Volume 1: Documents 1515–1543 • Volume 2: Documents 1544–1547
Studies and Texts 196. 760 + 768 pp. (2 volumes). ISBN 978-0-88844-196-6 • Cloth • $210
The vast treasure of manuscript archives of the Parlement of Paris – the Supreme Court of justice in ancien régime France – has been exploited over the centuries by a number of scholars in several disciplines. The notable exception is that very few historians of religion in sixteenth-century France have delved into these rich and remarkable resources. This edition of nearly 1200 documents – the great majority previously unpublished – is based on an examination of more than 100,000 manuscript pages in over a hundred of the Court’s registers and cartons.
The documents concern such issues and events as the Concordat of Bologna, the reformation of monasteries and priories, the confrontation between conservative and reform-minded Catholics, hundreds of trials of accused heretics (among them the trials and execution of Louis de Berquin and of Étienne Dolet), the placards of 1534, the censorship of books, the use of torture and capital punishment, royal and papal edicts, briefs, ordonnances, and letters relating to religion and the suppression of heresy, and the gradual but striking evolution of King Francis I from a policy of toleration to one of repression of the Reformation.
Published in the original Middle French, each document is preceded by a short descriptive title and, in most cases, a contextualizing headnote, and is thoroughly but discreetly annotated. A wide-ranging Introduction presents the organisation of the Parlement, its scope of authority and method of proceeding, and the historiography that has shaped our understanding of its reach. Three comprehensive indexes give access to the thousands of persons, places, and topics that appear in the documents.
James K. Farge is a Fellow of the Pontifical Institute of Mediaeval Studies, Toronto. He is the author of Orthodoxy and Reform in Early Modern France (1985), and Le parti conservateur au XVIe siècle (1992), editor of Students and Teachers at the University of Paris (2006) and also of two volumes of the proceedings (1990, 1994) of the Faculty of Theology at the University. He is also on the Editorial Board of the Collected Works of Erasmus, and edited volume 13 of the Correspondence.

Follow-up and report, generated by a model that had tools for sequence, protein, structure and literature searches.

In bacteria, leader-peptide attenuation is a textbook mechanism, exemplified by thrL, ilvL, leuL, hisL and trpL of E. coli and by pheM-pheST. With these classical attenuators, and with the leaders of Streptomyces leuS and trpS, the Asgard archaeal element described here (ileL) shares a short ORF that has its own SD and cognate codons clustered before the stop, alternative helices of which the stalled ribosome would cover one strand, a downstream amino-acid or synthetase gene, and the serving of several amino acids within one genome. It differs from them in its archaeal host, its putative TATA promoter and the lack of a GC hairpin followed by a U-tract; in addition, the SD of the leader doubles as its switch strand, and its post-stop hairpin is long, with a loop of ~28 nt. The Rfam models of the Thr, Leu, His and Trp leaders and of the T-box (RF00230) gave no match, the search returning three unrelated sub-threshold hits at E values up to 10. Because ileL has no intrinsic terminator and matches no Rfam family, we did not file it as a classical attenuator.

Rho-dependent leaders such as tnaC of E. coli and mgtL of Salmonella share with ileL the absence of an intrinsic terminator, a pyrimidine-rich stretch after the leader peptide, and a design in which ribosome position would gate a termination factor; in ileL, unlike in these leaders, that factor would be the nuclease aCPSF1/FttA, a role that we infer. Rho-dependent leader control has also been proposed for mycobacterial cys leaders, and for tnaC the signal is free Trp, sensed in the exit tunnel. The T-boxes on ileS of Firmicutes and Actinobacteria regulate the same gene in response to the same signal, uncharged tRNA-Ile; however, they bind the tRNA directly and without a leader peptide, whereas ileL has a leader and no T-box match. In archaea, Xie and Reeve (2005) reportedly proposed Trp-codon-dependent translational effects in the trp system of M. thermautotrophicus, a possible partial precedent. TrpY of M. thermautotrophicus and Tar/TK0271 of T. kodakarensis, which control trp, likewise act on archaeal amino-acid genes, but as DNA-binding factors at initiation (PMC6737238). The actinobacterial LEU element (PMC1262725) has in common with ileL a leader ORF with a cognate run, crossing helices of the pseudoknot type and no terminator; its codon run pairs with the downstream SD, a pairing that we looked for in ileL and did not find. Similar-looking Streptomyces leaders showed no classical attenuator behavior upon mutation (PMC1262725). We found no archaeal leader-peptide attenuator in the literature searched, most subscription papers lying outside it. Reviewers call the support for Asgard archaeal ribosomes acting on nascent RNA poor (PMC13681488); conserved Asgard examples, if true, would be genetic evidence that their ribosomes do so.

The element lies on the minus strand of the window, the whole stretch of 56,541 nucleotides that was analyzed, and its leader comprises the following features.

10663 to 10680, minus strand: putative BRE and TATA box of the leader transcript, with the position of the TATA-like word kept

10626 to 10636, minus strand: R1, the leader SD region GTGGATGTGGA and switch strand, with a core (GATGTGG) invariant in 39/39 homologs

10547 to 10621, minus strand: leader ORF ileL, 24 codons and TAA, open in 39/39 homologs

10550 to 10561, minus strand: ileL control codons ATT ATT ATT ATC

“This edition magnificently documents the role of the Parlement of Paris in preserving the Catholic religion from the challenges of the Protestant Reformation whilst trying to maintain its Gallican principles and historic legal role in the face of interventions by the powerful Renaissance French monarch, Francis I. It is unique in providing scholars with extensive, year-by-year documentary evidence for the court’s activity, and invaluable as a study in how the court pursued cases and recorded its decisions. It corrects previous scholarship and offers significant new insights on the court’s oversight of publishing and information circulation. The work complements James Farge’s previous studies and will take its place as the authoritative edition of the activities of the court in this period.”
The University of Sheffield
“This carefully selected and edited collection of documents concerning the Parlement of Paris’s treatment of 'matters of religion' ... during the reign of Francis I is a great gift to scholars of the Reformation and of sixteenth-century France. It clarifies not just what the magistrates of the Parlement did during their workdays but also how they conceived of their duty—their religious duty, one might say—as judges of the Most Christian King of France. ... This is a rich, useful, and provocative resource.” — Tyler Lange for The Catholic Historical Review (2016)
“At a time when many libraries are getting rid of books as outmoded, and even academic publishers are limiting the size of their print-runs, the Pontifical Institute of Mediaeval Studies in Toronto deserves the highest praise for producing such a rich and meticulously edited collection of primary sources for the reign of Francis I. Professor Farge deserves our admiration and gratitude for the immense task he has accomplished so skillfully and which will be of incalculable value to future scholars.” — Robert Knecht for H-France Review 16 (2016)